none
CPU Core Parking in Windows 7, Should it be left alone or should users disable it?

    Question

  •  

    I've been reading up on this but an official answer to this issue would be welcomed. What I like to know is what is the benefits of core parking?  And should it be left alone or tweaked as some suggest?  One example is found below:

    http://ultimatecomputers.net/forum/viewtopic.php?f=7&t=3644

     

    The link below suggests that Core Parking is for laptops? I really don't know but this thread was created with Home PC in mind.

    http://forum.cakewalk.com/tm.aspx?high=&m=1852473&mpage=1#1853037.

    Wouldn't changing the power option from Balanced to High Performance do the same thing without having to do a registry tweak?

    Friday, March 25, 2011 10:30 PM

Answers

  • 1) if all cores are used, they don't get parked. They are only parked if the CPU is not busy.

    2) Coreparking only works for Intel i3/i5/i7 CPUs, NO other CPUs. Look at the Resource Monitor (CPU-tab) to see which CPU core is parked:


    André


    "A programmer is just a tool which converts caffeine into code"

    Want to install RSAT on Windows 7 Sp1? Check my HowTo: http://www.msfn.org/board/index.php?showtopic=150221
    Tuesday, March 29, 2011 7:54 PM

All replies

  • Never turn it off. It helps you to save energy. Unused Cores are parked and not used which results in a lower energy consume. Core Parking is enabled if you use the balanced power plan and only work for Intel i Core CPUs (i5,i7).

    André


    "A programmer is just a tool which converts caffeine into code"

    Want to install RSAT on Windows 7 Sp1? Check my HowTo: http://www.msfn.org/board/index.php?showtopic=150221
    Saturday, March 26, 2011 12:15 PM
  • Hi,

     

    Did your issue solved by the suggestion of Andre? Please feel free to give me any update.

     

    Thanks.

     

    Regards, 

    Leo   Huang

    TechNet Subscriber Support in forum. If you have any feedback on our support, please contact tngfb@microsoft.com


    Please remember to click “Mark as Answer” on the post that helps you, and to click “Unmark as Answer” if a marked post does not actually answer your question. This can be beneficial to other community members reading the thread.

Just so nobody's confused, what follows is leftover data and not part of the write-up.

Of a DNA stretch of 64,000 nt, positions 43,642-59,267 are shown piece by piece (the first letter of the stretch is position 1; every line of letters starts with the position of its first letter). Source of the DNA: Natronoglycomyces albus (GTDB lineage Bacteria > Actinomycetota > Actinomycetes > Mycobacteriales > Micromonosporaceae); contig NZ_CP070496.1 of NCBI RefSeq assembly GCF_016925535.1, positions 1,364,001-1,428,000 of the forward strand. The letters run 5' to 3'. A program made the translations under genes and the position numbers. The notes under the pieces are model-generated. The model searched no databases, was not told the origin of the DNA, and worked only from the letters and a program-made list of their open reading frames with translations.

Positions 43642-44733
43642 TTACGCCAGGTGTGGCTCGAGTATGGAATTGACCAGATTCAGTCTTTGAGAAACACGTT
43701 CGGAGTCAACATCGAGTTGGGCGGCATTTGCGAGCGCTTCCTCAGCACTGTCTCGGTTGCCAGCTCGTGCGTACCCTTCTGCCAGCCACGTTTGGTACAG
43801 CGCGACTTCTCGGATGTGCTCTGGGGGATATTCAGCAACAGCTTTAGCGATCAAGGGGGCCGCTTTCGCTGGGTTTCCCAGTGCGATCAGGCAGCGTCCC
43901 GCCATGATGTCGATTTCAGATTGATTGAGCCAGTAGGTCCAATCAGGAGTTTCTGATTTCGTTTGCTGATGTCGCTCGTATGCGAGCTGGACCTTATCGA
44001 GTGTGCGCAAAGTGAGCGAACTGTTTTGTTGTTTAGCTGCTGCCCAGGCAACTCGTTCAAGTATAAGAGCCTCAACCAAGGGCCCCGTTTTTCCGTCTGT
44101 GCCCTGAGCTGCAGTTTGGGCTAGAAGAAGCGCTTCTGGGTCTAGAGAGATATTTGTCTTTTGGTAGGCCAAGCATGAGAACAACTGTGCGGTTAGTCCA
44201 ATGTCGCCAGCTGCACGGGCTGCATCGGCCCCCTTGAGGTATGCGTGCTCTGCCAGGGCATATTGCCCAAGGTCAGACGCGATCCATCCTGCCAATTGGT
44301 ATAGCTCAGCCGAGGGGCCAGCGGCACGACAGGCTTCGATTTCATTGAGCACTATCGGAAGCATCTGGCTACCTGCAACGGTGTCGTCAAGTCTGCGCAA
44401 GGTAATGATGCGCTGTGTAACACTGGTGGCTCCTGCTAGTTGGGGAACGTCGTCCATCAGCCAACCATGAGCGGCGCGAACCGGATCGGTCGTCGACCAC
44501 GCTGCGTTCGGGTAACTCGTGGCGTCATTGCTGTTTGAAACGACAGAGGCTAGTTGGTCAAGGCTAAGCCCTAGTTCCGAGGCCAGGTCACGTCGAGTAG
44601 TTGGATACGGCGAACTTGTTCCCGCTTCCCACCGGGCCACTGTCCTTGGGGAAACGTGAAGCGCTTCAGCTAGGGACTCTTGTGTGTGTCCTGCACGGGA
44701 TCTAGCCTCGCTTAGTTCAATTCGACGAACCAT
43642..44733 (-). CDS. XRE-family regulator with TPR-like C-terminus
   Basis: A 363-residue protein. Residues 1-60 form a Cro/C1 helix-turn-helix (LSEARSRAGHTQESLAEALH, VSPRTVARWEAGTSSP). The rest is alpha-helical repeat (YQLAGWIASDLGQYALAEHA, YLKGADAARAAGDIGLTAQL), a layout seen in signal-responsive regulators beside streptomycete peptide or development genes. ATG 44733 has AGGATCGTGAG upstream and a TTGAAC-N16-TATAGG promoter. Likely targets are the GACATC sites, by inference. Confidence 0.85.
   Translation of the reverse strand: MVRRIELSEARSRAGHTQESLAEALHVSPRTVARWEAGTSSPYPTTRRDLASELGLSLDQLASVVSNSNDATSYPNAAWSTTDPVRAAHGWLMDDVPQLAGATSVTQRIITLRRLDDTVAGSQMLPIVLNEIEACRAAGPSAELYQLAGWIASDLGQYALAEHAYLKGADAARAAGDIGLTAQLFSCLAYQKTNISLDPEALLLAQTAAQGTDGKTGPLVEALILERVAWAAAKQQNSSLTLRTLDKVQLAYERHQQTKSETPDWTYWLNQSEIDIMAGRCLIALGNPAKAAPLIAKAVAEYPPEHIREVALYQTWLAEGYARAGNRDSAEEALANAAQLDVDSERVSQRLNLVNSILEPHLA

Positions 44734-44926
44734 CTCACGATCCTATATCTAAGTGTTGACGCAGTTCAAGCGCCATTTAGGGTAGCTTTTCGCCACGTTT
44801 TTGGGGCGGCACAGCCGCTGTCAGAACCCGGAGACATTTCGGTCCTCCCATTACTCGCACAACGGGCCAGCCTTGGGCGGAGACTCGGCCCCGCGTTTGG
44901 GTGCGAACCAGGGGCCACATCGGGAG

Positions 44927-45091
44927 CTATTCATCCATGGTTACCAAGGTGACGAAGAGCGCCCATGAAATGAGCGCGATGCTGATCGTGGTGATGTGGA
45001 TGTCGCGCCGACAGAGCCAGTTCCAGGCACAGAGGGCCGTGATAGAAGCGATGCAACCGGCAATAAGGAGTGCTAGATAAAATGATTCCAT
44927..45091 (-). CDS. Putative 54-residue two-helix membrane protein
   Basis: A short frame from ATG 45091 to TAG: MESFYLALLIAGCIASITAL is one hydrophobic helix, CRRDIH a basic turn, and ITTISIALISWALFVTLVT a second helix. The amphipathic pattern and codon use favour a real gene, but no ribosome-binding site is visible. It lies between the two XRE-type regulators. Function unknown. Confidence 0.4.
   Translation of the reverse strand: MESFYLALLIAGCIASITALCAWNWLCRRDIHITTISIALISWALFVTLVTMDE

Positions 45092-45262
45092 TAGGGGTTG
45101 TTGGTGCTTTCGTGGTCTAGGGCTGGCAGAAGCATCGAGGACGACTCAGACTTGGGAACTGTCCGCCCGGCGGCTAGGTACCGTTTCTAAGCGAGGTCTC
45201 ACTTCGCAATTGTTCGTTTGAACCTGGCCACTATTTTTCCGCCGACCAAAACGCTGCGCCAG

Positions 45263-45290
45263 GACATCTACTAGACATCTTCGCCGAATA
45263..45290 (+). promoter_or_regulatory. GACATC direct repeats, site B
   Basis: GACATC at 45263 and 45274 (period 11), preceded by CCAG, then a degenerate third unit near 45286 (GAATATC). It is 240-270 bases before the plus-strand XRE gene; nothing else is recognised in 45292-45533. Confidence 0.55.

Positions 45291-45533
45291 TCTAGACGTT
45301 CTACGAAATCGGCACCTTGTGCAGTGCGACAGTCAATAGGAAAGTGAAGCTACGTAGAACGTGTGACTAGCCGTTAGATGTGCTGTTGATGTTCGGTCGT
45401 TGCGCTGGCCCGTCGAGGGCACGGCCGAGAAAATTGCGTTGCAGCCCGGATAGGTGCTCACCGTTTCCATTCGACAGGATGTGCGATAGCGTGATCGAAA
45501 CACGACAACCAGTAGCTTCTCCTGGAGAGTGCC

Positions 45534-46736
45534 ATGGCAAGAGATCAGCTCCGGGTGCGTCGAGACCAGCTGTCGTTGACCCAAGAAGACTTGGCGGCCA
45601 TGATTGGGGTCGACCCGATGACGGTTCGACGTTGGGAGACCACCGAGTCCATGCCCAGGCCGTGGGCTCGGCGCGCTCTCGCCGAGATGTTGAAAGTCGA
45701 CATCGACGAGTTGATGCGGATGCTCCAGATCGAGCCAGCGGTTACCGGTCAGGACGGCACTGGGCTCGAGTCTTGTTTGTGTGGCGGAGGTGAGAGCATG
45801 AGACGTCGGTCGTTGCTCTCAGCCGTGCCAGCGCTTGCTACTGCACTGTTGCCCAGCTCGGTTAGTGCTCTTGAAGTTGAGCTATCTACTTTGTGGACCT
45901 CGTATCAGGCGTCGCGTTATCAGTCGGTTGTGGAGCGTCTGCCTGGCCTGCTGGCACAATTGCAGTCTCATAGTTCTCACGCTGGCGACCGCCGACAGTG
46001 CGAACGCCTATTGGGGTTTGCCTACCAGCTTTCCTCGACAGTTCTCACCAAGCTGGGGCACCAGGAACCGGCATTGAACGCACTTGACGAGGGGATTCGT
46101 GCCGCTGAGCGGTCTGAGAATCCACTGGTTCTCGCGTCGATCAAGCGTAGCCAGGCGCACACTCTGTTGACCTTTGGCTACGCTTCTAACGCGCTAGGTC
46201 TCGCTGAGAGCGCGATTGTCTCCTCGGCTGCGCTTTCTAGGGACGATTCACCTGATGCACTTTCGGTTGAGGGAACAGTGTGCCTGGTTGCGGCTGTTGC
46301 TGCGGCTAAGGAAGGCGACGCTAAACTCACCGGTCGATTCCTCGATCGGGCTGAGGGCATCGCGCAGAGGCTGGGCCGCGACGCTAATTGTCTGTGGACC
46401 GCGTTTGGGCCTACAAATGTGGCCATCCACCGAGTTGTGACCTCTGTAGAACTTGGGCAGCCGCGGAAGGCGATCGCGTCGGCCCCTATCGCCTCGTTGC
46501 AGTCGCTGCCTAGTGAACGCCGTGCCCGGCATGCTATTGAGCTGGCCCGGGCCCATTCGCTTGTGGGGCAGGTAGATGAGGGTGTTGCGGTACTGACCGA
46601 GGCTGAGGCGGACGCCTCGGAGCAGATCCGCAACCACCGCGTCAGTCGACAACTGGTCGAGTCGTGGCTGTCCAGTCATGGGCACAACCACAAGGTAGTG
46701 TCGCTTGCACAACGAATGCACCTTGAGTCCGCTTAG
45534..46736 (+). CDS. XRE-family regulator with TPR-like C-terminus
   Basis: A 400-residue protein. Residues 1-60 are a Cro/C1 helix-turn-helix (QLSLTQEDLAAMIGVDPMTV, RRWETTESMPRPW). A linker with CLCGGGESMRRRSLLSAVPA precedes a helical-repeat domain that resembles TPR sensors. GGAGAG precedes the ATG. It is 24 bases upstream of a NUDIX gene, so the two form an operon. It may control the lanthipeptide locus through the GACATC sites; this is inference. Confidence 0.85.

Tuesday, March 29, 2011 2:48 AM
    Moderator
  • More or less.  In a nut shell one should not edit the registry.  After doing some research I found that one can do the exact same thing but the information on how to do it isn't readily available.  So I will try my best to explain it (help me if I'm wrong).

     

    1. If there are any concerns as to the use of the CPU in games, etc one should choose the Performance Power State instead of making registry edits. 

    2.  You can make changes to this plan by going into it's Advance Power Settings, select Processor Power Management and check to see if you have Minimum Processor State and Maximum Processor State.  If you don't see those options it is because you have SpeedStep (Intel), PowerNow (AMD) disabled from the Bios.  Those options must be enabled in order to view those options.  

    3. With a user's dynamic frequency scaling enabled via bios a user can choose a Power Option suited for their needs.  Choosing Performance Power Option should keep both min/max Processor State at 100%.  If one choses Balance it will keep the Minimum Processor State as low as 5% and Maxmium at 100% (power saver should be the same).

     

    This is what I've gathered.

     

     

    Tuesday, March 29, 2011 5:37 PM
  • 1) if all cores are used, they don't get parked. They are only parked if the CPU is not busy.

    2) Coreparking only works for Intel i3/i5/i7 CPUs, NO other CPUs. Look at the Resource Monitor (CPU-tab) to see which CPU core is parked:


    André


    "A programmer is just a tool which converts caffeine into code"

    Want to install RSAT on Windows 7 Sp1? Check my HowTo: http://www.msfn.org/board/index.php?showtopic=150221
    Tuesday, March 29, 2011 7:54 PM
  • Hi,

     

    Did your issue solved by the suggestion of Andre? Please feel free to give me any update.

     

    Thanks.

     

    Regards, 

    Leo   Huang

    TechNet Subscriber Support in forum. If you have any feedback on our support, please contact tngfb@microsoft.com